“I think of detection dogs really as the anti-pet,” she said. “The dog just will not stop until they find something. If they can’t find it, you have to plant something . . . They’re all the things you try to groom out of pets.”
That is the case with Tucker and his dog colleagues at Conservation Canines in Washington state, whose founder, Sam Wasser, told Horowitz that he selected young mixed-breeds from shelters that may seem uncontrollable but “never run away — because you’ve got their ball.” And it was also true for the “smelling experts” Horowitz visited at the University of Pennsylvania’s Working Dog Center, where litters of roly-poly puppies (often Labs and German or Dutch shepherds) evolve into elite detection dogs that can sniff out missing or dead people, drugs — even a diabetic’s dropping blood sugar — while ignoring other people, pooches or other scents in their path.
“They’re not training the dogs to smell. They can already smell it,” Horowitz said. “They’re training the dogs to tell you when they found it.”
They do this in steps, by learning a scent and being rewarded for alerting to it in increasingly difficult spots. Exactly what these dogs are smelling is in many ways still a mystery, she writes, particularly when it comes to detecting things like cancer — are they smelling diseased tissue, the body’s inflammatory or immunological response to the illness, or ailments that can accompany cancer, such as anxiety?
As for more typical pet dogs, such as the one by your fireplace, they, too, are good smellers, but probably not as good as they are allowed to be. We people, hurrying through our walks, often pull dogs away from the fire hydrants they sniff. We swat the snouts of dogs that lunge for human crotches or canine rear ends. “We cleanse them and our house to get rid of smells, and dogs, they kind of assent to it and start using smell less,” Horowitz said. “They might be smelling perfectly. But they’re not using it to problem solve, to navigate, to use it socially.”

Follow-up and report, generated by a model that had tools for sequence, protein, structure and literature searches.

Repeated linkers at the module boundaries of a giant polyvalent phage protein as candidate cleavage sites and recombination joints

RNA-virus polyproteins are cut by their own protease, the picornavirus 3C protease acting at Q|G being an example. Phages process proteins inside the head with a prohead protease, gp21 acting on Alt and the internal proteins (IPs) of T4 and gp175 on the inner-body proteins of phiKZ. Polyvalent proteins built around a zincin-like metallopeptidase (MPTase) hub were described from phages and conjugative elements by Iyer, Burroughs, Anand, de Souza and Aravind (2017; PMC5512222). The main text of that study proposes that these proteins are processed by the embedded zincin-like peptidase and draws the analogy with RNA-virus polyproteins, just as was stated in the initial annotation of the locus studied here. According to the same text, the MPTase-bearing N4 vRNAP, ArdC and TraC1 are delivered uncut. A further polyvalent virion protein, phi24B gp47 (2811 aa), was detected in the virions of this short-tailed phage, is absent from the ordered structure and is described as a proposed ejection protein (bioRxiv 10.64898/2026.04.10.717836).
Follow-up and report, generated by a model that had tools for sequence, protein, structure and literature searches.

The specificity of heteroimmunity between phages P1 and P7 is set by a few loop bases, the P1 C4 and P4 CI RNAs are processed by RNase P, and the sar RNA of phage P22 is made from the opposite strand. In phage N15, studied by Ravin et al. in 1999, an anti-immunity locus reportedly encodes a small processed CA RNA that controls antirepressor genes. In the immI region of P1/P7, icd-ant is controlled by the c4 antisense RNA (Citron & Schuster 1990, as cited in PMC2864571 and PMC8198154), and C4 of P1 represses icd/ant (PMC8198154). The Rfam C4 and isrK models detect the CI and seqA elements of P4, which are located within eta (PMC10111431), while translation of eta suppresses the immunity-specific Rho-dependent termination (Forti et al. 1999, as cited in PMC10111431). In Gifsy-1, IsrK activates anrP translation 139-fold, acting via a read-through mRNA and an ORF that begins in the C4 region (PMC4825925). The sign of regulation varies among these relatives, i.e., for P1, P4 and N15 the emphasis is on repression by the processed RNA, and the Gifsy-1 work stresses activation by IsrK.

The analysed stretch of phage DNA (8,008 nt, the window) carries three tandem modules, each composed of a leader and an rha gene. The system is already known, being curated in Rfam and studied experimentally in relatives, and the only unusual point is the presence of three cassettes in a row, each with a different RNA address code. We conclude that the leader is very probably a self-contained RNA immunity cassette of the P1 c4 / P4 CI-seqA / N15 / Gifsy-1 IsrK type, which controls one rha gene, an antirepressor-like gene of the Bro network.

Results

Horowitz observed this in an experiment she carried out at the Dog Cognition Lab at Barnard College, which she runs. She presented 64 regular dogs with plates holding one or five chunks of hot dogs. Dogs will always choose the plate with more hot dog when they can see it, she knew from previous research. But would they do so when they could only smell it?
Nope. When the plates were covered, the dogs chose randomly, despite one plate’s clearly stronger hot dog scent, she said.
But she also observed her own dog, a mutt named Finnegan, relearn to use his sense of smell in a “nosework” training class. In little time at all, he was able to locate neutral scents, such as birch-scented essential oil, in progressively more challenging locations. Horowitz and Finnegan still practice the skill on walks and at home every day, she said, something she recommends to many dog owners.
“He had been a good sniffer before,” she said. “But he wasn’t finding his way by sniff. This has really changed his personality. In this context, he has a huge drive to find something by smell — and he really seems to love it.”